Gayle Trotter: This is Gayle Trotter, and today I’m speaking with Elizabeth Kantor, author of The Jane Austen Guide to Happily Ever After. Thank you so much for speaking with me today, Elizabeth.
Elizabeth Kantor: Gayle, thank you so much for having me.
GT: What can Jane Austen teach us about love? Did she marry and live happily ever after?
EK: She didn’t marry. I think you can make a case for happily ever after in her case, but she did, we have to admit, miss out on the thrilling high point of life that she gets just perfectly right there at the end of Pride and Prejudice with Elizabeth and Darcy. I think in terms of her understanding of happily ever after you have to say that the proof of the pudding is in the eating. If you’re a woman who’s ever been deeply, intensely in love and you read those novels, you see she knew exactly what she was talking about.
GT: How do Jane Austen’s heroines differ on their general outlook on men compared with today’s women and our culture’s common portrayal of men.
EK: Jane Austen was very careful — and her heroines were like this too — were very careful not to be cynics about guys. Jane Austen was well aware of men’s limitations and their foibles. She’s funny about it in her novels, but if her heroines start to get that, like paint them all with a broad brush, all men are jerks — as Elizabeth Bennet says at some point, “What are men to rocks and mountains?” — that kind of man-bashing attitude, then in Elizabeth Bennet’s case, a wise aunt will say, You know, you’re sounding a little bit bitter there. Jane Austen really understands that it’s part of female dignity to respect male dignity. If you want guys to respect you, you have to stay away from that attitude that all men are just jerks.
GT: And why is male attention the ultimate intoxicant and how do Jane Austen’s women react to male attention?
EK: Yes, Jane Austen is just so smart about relationship dynamics and everything. You know how we have this vague cultural memory that back in Victorian times women had to dress modestly so as not to entice men with their physical allurements. In Jane Austen’s day, men were not supposed to pay women attention in a careless, immodest way. They weren’t supposed to be seductive with their attention and their approach to women. Because just like a guy gets his head turned if he sees a girl in a bikini, then often women get our heads turned if a guy pays a lot of attention to us. There’s a chapter in the Jane Austen Guide called “The Real Original Rules: Not for Manipulating Men, but for Helping Women Keep their Freedom” in respect to men. A lot of women, I think, can learn from Jane Austen, essentially relationship rules; rules for keeping enough distance between you and the guy that you can get to know him without losing your perspective on him.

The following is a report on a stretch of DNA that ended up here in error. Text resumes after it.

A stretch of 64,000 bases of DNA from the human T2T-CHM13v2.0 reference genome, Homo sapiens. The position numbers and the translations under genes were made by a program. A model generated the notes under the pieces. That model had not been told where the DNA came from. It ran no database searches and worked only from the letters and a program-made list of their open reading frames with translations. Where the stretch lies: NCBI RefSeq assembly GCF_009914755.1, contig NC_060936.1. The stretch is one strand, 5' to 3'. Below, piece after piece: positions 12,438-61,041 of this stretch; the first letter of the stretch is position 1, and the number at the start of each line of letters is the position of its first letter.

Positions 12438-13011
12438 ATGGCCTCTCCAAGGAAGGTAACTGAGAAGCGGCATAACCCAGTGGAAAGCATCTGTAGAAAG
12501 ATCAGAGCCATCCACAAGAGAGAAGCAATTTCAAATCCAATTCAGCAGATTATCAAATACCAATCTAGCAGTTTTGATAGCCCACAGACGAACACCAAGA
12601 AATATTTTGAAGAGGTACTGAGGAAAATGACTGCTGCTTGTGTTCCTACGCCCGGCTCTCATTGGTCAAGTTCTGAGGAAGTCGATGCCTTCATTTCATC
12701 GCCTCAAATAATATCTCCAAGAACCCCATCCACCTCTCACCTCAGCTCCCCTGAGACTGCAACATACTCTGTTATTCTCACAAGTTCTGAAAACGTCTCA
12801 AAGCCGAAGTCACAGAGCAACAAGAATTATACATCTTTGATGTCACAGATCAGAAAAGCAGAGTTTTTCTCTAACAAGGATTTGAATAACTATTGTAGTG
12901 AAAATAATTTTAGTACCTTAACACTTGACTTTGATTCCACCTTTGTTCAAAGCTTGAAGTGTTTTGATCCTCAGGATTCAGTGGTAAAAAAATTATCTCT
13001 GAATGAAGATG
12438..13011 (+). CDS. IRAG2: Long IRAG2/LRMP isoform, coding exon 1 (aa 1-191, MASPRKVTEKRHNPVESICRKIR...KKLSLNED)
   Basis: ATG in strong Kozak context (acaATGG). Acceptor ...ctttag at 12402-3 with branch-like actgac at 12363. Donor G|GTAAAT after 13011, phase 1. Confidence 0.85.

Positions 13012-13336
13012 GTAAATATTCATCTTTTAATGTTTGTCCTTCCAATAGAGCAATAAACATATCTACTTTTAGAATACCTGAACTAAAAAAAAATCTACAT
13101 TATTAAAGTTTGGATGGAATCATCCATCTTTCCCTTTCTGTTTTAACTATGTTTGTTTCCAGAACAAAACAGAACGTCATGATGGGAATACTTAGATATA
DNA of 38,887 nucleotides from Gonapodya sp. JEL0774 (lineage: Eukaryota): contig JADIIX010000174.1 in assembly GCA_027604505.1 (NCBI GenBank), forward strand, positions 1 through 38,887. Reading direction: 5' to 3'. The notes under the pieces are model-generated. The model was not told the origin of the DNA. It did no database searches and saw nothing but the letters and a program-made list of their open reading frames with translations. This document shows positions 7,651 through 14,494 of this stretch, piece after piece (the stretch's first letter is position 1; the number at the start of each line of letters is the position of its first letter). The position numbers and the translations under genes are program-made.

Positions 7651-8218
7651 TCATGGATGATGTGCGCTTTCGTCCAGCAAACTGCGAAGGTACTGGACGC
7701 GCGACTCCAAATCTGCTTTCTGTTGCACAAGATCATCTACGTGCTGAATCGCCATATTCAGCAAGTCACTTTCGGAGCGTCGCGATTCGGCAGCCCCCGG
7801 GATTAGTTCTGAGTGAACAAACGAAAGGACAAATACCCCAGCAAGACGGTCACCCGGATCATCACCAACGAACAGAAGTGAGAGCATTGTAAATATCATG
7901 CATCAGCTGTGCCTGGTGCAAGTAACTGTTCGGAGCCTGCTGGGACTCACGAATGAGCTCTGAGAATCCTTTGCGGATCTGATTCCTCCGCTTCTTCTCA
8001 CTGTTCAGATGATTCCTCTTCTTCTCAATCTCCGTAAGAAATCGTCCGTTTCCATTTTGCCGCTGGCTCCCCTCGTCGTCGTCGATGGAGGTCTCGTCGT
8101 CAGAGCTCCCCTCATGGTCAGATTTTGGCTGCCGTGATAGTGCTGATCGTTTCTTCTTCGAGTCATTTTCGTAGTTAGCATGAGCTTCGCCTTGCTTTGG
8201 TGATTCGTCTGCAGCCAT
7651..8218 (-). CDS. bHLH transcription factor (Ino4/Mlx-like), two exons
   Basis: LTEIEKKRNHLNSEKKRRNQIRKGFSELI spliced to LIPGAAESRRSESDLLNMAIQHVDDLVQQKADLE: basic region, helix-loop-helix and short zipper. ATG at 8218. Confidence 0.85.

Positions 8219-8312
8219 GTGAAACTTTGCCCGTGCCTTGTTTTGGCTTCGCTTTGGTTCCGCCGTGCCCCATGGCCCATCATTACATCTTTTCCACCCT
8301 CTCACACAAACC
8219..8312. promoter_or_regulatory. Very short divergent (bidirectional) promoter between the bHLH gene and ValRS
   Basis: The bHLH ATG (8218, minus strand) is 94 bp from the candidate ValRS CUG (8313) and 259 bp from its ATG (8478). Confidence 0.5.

GT: What were Jane Austen’s standards for good temper, and how did she define temper?
EK: I get into temper and also principles and also feelings and all these sort of basic categories for what makes a decent person, as kind of an alternative to… that’s how the women in Jane Austen judge men. Does he have a bad temper? Is he the kind of person who’s always pouting or swearing or generally making life unpleasant for people, or is he the kind of person who has enough self-control that life can be pleasant? That’s just one category of the many categories that she thinks is reasonable to judge people by.
Instead of the modern way where we too often are just going through life and not really thinking about the guys we meet in that objective way. Instead we’re just kind of waiting to be struck by lightning when we meet the one guy who floats our boat, and we don’t think about really what kind of person he is. Jane Austen actually shows you how that works. She has, for example, in Pride and Prejudice, Elizabeth Bennet meets Wickham, and they hit it off right away — he’s obviously her type, they have everything in common, they’re both really fun, social people — and then pretty far into her relationship with him, she suddenly notices, “Wait a minute; do I know anything about him that makes me think he’s a decent person? I’m hearing about him now and what a jerk he’s been in the past; could this be true?”
We think of Darcy as her soul mate, but really Darcy’s a very different kind of person from her and what first makes that love story with Darcy get started is she realizes that he’s an amazing person — that he’s willing to sacrifice himself for other people.
GT: You write in your book about how women need to be polite detectives and that plays into how Elizabeth didn’t know that much about Wickham, but she finds out a lot about Darcy. How does social media in our time make it more like Jane Austen’s world than maybe it was twenty, thirty years ago?